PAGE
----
Download Understanding The Linux Kernel, 3rd Edition By Daniel P. Bovet, Marco Cesati


In the spring semester of 1997, we taught a course on operating systems based on Linux 2.0. The idea was to encourage students to read the source code. To achieve this, we assigned term projects consisting of making changes to the kernel and performing tests on the modified version. We also wrote course notes for our students about a few critical features of Linux such as task switching and task scheduling.
Out of this work and with a lot of support from our O’Reilly editor Andy Oram came the first edition of Understanding the Linux Kernel at the end of 2000, which covered Linux 2.2 with a few anticipations on Linux 2.4. The success encountered by this book encouraged us to continue along this line. At the end of 2002, we came out with a second edition covering Linux 2.4. You are now looking at the third edition, which covers Linux 2.6.
As in our previous experiences, we read thousands of lines of code, trying to make sense of them. After all this work, we can say that it was worth the effort. We learned a lot of things you don’t find in books, and we hope we have succeeded in conveying some of this information in the following pages

In order to thoroughly understand what makes Linux tick and why it works so well on a wide variety of systems, you need to delve deep into the heart of the kernel. The kernel handles all interactions between the CPU and the external world, and determines which programs will share processor time, in what order. It manages limited memory so well that hundreds of processes can share the system efficiently, and expertly organizes data transfers so that the CPU isn’t kept waiting any longer than necessary for the relatively slow disks.
The third edition of Understanding the Linux Kernel takes you on a guided tour of the most significant data structures, algorithms, and programming tricks used in the kernel. Probing beyond superficial features, the authors offer valuable insights to people who want to know how things really work inside their machine. Important Intel-specific features are discussed. Relevant segments of code are dissected line by line. But the book covers more than just the functioning of the code; it explains the theoretical underpinnings of why Linux does things the way it does.
This edition of the book covers Version 2.6, which has seen significant changes to nearly every kernel subsystem, particularly in the areas of memory management and block devices. The book focuses on the following topics:
Memory management, including file buffering, process swapping, and Direct memory Access (DMA)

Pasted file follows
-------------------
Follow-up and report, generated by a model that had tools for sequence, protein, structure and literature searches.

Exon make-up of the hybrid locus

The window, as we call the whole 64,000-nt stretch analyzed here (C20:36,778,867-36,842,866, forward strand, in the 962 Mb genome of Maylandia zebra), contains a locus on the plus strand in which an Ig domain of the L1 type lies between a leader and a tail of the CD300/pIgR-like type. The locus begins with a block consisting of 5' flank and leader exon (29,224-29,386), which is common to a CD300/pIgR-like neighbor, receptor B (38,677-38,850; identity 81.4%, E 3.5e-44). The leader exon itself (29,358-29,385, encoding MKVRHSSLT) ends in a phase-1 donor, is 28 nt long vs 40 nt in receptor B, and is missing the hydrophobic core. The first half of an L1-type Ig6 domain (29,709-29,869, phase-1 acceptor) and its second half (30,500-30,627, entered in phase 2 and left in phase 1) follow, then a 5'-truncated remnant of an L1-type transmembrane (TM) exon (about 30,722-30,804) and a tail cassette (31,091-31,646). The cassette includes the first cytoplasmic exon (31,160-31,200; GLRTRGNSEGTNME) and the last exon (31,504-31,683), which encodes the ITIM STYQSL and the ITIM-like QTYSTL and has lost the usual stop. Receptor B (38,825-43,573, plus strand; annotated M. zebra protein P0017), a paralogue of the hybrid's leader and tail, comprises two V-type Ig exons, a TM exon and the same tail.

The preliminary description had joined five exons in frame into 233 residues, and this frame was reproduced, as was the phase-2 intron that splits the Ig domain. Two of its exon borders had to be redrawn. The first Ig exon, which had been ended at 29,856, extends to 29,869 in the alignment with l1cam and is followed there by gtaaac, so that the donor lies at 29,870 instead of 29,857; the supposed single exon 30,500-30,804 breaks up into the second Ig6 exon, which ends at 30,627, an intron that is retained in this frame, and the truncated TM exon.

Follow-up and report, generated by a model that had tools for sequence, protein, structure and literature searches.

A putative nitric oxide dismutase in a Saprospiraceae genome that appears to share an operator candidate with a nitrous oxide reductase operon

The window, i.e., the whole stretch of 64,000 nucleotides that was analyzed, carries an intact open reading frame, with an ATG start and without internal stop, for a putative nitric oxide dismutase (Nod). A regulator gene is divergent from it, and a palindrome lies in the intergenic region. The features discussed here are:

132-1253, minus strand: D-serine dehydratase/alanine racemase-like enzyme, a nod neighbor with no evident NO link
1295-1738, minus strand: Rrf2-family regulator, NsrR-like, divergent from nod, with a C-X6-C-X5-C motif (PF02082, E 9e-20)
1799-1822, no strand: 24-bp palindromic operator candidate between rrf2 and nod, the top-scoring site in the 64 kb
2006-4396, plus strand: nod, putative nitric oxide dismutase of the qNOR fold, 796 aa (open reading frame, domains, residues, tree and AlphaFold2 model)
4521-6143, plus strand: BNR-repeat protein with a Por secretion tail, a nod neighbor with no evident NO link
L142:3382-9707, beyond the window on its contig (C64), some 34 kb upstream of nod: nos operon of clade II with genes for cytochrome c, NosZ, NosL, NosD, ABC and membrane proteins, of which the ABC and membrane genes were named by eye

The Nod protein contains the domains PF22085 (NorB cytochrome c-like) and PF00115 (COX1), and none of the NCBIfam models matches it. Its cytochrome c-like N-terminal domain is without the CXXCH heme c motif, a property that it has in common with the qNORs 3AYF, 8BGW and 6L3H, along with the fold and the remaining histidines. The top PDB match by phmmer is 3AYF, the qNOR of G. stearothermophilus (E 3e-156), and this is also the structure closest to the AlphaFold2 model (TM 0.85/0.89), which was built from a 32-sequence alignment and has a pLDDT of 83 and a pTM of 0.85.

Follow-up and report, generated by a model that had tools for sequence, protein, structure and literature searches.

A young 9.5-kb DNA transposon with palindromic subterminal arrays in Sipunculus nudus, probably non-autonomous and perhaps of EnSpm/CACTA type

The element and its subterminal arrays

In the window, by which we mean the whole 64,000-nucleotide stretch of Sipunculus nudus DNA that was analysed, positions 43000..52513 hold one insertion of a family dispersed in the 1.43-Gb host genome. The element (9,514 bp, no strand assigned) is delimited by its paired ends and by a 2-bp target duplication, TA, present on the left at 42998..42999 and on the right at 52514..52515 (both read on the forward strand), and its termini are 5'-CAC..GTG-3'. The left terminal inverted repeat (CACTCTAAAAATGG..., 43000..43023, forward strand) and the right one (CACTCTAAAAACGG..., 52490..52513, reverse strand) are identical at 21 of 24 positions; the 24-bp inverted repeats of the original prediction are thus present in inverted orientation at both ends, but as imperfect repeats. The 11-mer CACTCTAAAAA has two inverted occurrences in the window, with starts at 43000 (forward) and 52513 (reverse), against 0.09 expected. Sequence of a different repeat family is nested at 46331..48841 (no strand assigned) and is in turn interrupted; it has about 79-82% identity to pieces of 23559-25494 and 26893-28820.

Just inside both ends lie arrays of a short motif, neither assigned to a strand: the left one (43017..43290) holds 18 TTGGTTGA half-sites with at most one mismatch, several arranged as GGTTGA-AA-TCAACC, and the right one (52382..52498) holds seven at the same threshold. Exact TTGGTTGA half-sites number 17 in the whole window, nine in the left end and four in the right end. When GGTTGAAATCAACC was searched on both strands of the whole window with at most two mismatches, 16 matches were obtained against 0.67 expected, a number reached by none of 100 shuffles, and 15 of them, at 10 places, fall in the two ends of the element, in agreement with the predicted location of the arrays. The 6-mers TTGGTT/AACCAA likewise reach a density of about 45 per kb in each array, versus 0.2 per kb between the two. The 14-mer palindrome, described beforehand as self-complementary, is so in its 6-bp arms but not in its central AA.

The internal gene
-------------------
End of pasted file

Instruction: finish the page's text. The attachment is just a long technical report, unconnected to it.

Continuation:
The Virtual Filesystem layer and the Second and Third Extended Filesystems• Process creation and scheduling• Signals, interrupts, and the essential interfaces to device drivers• Timing• Synchronization within the kernel• Interprocess Communication (IPC)• Program execution•
Understanding the Linux Kernel will acquaint you with all the inner workings of Linux, but it’s more than just an academic exercise. You’ll learn what conditions bring out Linux’s best performance, and you’ll see how it meets the challenge of providing good system response during process scheduling, file access, and memory management in a wide variety of environments. This book will help you make the most of your Linux system.


The Audience for This Book
Organization of the Material
Level of Description
Overview of the Book
Background Information
Conventions in This Book
How to Contact Us
Safari® Enabled
Chapter 1. Introduction
Section 1.1. Linux Versus Other Unix-Like Kernels
Section 1.2. Hardware Dependency
Section 1.3. Linux Versions
Section 1.4. Basic Operating System Concepts
Section 1.5. An Overview of the Unix Filesystem
Section 1.6. An Overview of Unix Kernels
Chapter 2. Memory Addressing
Section 2.1. Memory Addresses
Section 2.2. Segmentation in Hardware
Section 2.3. Segmentation in Linux
Section 2.4. Paging in Hardware
Section 2.5. Paging in Linux
Chapter 3. Processes
Section 3.1. Processes, Lightweight Processes, and Threads
Section 3.2. Process Descriptor
Section 3.3. Process Switch
Section 3.4. Creating Processes
Section 3.5. Destroying Processes
Chapter 4. Interrupts and Exceptions
Section 4.1. The Role of Interrupt Signals
Section 4.2. Interrupts and Exceptions
Section 4.3. Nested Execution of Exception and Interrupt Handlers
Section 4.4. Initializing the Interrupt Descriptor Table